Personal publishing – effective use of networks or just noise?

If you follow my twitter stream you may have noticed that everyday about 9am, you’ll see a tweet with a link to my daily paper and a number of @mentions of people featured in it. You may even have been one of those @ mentions.

I’ve actually had a paper.li account since last year, but it’s only recently that I’ve actually set the “automagic” tweet button live. Partly this was because I’ve found it quite interesting following links to other paper.li sites where I’ve been mentioned, and also partly as a bit of a social experiment to see (a) if anyone noticed and (b) what reactions, if any, it would solicit. In fact this post is a direct response to Tore Hoel’s tweet at the weekend asking if I was going to reflect on use.

Well, here goes. So being one of those people who likes to play (and follows every link Stephen Fry tweeets) I was intrigued when I came across paper.li at first and signed up. For those of you unfamiliar with the service it basically pulls in links from your twitter feed, categorizes them and produces an online paper. Something, and I’m not sure what it was prevented me from making the links public from the outset. On reflection I think it was that I wanted to see how the system works, and if it actually did provide something useful.

There’s no editorial control with the system. It selects and classifies articles, links and randomly generates your online paper, and (if you choose) sends a daily tweet message from your twitter account with a url and @mentions for selected contributions. Sometimes these are slightly odd – you might get mentioned because you tweeted a link to an article in “proper” paper, a blog entry or a link to a flickr stream. It’s not like getting a by-line in a proper paper by any stretch of the imagination. The website itself has an archive of your paper and there’s also the ability to embed a widget into other sites such as blogs. Other services I’ve used which utilise twitter (such as storify) generate more relevant @mention tweets i.e. only for those you actually quote in your story. You also have the option not to send an auto tweet. Something I missed the first time I used it and so tweeted myself about my story:-).

So, without editorial control is this service useful? Well like most things in life, it depends. Some people seem to find it irritating as it doesn’t always link to things they have actually written, rather links they have shared. So for the active self promoter it can detract from getting traffic to their own blog/website. Actually that’s one of the things I like- it collates links that often I haven’t seen and I can do a quick skim and scan and decide what I want to read more about. Sometimes they’re useful – sometimes not. But on the whole that’s the thing with twitter too – some days really useful, others a load of footballing nonsense. I don’t mind being quoted by other people using the service too. It doesn’t happen that often and I don’t follow too many people, and guess what -sometimes I don’t actually read everything in my twitter stream, and I don’t follow all the links people post – shocking confession I know! However when you post on to twitter it’s all publicly available so why collate it? If it’s a bit random, then so be it. But some others see it differently.

If you don’t like being included in these things then, like James Clay get yourself removed from the system.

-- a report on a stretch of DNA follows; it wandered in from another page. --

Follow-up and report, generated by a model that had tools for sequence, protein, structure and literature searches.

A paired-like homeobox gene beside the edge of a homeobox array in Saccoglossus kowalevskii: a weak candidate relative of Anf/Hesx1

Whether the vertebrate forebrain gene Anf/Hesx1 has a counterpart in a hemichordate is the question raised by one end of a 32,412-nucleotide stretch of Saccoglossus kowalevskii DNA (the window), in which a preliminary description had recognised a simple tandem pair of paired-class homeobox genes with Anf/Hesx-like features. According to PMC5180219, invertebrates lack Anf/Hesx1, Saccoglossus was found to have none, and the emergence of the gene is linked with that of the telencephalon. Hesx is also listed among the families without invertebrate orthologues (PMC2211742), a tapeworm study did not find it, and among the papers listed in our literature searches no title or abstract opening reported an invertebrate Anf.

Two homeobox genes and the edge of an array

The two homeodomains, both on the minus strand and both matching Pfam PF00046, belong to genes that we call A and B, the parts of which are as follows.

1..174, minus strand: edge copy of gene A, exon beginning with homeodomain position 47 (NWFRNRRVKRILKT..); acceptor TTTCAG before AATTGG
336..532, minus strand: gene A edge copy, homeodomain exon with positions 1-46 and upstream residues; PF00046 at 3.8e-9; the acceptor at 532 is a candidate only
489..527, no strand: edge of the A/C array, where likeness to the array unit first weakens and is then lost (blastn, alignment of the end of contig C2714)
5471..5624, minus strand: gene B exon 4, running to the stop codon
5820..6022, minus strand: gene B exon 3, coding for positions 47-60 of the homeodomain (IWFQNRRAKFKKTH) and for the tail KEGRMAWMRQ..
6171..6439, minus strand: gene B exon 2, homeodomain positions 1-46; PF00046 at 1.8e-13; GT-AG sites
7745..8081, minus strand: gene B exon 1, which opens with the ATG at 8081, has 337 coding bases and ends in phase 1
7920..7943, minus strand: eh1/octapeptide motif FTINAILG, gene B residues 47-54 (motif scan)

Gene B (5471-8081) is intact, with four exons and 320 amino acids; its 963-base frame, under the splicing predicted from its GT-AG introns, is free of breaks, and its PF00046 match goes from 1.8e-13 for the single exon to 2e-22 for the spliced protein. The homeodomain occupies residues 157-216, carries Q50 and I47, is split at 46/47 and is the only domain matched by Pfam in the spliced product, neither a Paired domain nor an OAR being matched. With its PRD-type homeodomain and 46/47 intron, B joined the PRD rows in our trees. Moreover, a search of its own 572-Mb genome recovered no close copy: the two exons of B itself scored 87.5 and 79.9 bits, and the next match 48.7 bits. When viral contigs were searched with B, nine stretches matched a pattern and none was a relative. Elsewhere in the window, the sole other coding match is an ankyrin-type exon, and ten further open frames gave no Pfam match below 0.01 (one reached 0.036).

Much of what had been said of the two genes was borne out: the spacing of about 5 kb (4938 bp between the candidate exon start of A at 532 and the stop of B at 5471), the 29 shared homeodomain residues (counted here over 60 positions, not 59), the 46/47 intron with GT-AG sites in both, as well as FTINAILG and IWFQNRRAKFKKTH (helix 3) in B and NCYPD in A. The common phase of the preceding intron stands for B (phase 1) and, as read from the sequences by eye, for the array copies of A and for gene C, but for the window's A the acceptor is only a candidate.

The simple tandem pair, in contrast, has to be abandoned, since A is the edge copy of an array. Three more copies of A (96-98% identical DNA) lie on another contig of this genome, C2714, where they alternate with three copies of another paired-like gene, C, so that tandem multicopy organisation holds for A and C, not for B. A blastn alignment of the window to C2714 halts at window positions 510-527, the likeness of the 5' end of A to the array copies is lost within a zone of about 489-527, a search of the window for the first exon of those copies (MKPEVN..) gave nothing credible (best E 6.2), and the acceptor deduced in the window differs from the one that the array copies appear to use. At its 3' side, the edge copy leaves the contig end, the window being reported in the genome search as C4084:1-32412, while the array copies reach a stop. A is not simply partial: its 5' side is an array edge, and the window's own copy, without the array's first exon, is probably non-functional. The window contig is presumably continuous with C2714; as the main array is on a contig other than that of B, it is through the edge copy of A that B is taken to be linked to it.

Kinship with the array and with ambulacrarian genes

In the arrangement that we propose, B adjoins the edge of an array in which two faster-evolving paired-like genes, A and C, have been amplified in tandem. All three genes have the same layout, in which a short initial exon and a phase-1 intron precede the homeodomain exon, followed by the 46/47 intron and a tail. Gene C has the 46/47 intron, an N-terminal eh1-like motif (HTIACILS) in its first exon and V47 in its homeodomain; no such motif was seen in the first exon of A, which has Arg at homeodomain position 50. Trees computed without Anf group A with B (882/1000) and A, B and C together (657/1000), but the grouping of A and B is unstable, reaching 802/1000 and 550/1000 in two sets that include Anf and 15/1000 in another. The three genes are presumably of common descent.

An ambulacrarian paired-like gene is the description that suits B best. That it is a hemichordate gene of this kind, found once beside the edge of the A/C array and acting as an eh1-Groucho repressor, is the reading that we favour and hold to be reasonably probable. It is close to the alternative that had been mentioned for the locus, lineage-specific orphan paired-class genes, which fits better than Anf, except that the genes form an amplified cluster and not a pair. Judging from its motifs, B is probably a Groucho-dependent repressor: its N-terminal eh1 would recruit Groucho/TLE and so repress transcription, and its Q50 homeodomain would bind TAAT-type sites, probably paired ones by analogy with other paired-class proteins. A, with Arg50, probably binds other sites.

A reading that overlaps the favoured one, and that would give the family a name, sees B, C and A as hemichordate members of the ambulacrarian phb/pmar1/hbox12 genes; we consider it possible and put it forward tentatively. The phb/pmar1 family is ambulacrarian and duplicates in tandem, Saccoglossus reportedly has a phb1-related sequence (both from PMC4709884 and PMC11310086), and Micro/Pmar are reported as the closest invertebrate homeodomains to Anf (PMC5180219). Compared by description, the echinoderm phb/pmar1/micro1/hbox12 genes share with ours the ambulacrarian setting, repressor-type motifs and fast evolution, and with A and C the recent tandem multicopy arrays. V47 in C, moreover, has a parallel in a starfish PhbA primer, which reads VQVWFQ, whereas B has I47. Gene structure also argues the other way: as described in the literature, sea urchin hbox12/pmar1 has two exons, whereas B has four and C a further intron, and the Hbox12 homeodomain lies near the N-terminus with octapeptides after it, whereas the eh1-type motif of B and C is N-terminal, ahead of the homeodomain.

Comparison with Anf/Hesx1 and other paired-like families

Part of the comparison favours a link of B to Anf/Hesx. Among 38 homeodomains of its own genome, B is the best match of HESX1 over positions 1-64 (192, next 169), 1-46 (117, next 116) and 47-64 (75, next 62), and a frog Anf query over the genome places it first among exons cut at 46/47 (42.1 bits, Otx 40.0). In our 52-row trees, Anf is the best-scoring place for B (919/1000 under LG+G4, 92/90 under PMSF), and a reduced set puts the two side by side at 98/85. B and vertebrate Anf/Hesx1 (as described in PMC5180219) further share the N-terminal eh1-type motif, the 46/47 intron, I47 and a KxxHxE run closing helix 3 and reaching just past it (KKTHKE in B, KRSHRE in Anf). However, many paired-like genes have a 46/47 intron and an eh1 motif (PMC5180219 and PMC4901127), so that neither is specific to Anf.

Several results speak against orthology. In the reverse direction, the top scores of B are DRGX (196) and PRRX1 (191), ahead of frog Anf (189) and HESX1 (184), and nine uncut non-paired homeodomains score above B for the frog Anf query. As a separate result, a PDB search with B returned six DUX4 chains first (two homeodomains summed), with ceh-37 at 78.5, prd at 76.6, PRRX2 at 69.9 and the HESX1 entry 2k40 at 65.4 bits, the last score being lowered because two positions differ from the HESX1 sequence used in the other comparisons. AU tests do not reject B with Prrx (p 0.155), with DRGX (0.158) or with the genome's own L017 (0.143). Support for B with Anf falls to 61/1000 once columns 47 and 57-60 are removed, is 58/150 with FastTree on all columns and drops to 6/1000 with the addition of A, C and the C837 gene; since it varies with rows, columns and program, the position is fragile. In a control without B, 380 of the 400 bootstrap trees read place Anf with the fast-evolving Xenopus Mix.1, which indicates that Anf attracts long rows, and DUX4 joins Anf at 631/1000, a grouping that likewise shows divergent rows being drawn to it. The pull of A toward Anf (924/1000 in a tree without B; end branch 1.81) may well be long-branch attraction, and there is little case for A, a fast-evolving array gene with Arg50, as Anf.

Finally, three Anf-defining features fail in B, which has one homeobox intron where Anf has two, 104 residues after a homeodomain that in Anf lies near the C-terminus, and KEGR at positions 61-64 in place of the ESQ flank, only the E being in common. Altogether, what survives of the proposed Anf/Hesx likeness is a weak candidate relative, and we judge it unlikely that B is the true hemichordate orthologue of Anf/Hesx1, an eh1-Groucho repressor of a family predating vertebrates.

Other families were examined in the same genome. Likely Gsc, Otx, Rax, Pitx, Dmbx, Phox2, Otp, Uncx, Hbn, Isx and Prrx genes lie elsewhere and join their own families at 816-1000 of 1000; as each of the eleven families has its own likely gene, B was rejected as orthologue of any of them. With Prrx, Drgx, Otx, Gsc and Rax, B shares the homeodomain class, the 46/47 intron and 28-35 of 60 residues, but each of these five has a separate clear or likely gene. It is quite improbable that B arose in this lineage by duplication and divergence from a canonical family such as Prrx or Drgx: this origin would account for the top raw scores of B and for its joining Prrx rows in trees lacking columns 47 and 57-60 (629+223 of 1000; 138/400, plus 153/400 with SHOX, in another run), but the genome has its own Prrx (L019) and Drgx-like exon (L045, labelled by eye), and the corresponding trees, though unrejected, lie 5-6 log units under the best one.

There have been another couple of instances where I have found the service useful too. For the week after the CETIS10 conference last year, we published the CETIS10 daily via the JISC CETIS twitter account. As there was quite a lot of post conference activity on blogs etc it was another quite useful collation tool – but only for a short period of time where there was enough related activity to the conference hashtag for the content to be nearly always related to the conference. Due to the lack of editorial control, I don’t think a daily JISC CETIS paper.li would be appropriate. The randomness that I like in my personal paper isn’t really appropriate at an organisational communication level.

I recently took part in the LAAK11 course, and one of the other participants (Tony Searle, set up a paper.li using the course hashtag. I found this useful as it quickly linked me other students, articles etc which I might not have seen/connected with and vice versa. Again the key here was having enough relevant activity Tore asked if it would be useful for projects? I’m in two minds about that – on the one hand it might – in terms of marketing, getting followers. But again the lack of editorial control might lead to promotion of something that wasn’t as closely related to the project as you would like. If however you have an active project community then it might work.

For the moment the Sheila MacNeill daily will continue but I’d be interested to hear other thoughts and experiences.

0 comments

  1. I like the concept of paper.li, same reasons I like Flipboard on the iPad. However I didn’t like the mentions, so I opted out. Still read paper.li now and again.

    James

  2. Phipps – if you want to get into Sheila’s paper, you’re going to to have to start linking to and creating interesting content rather than just moaning about people on trains! 🙂

    Seriously, it does look like an interesting way to catch up on key stuff your twitter friends are talking about (I think it chooses stories based on the frequency of references in your f-stream? not sure). I’ve not used it as I’m a big google reader fan and tend to subscribe to blogs willy-nilly, so catch up with things that way.

  3. Hi David/James

    Thanks for the commments. Kind of horses for courses in terms of what works best for catching up with things. I use netvibes to aggregate blogs I regularly follow, but the paper.li does through up the serendipitous links relatively regularly.

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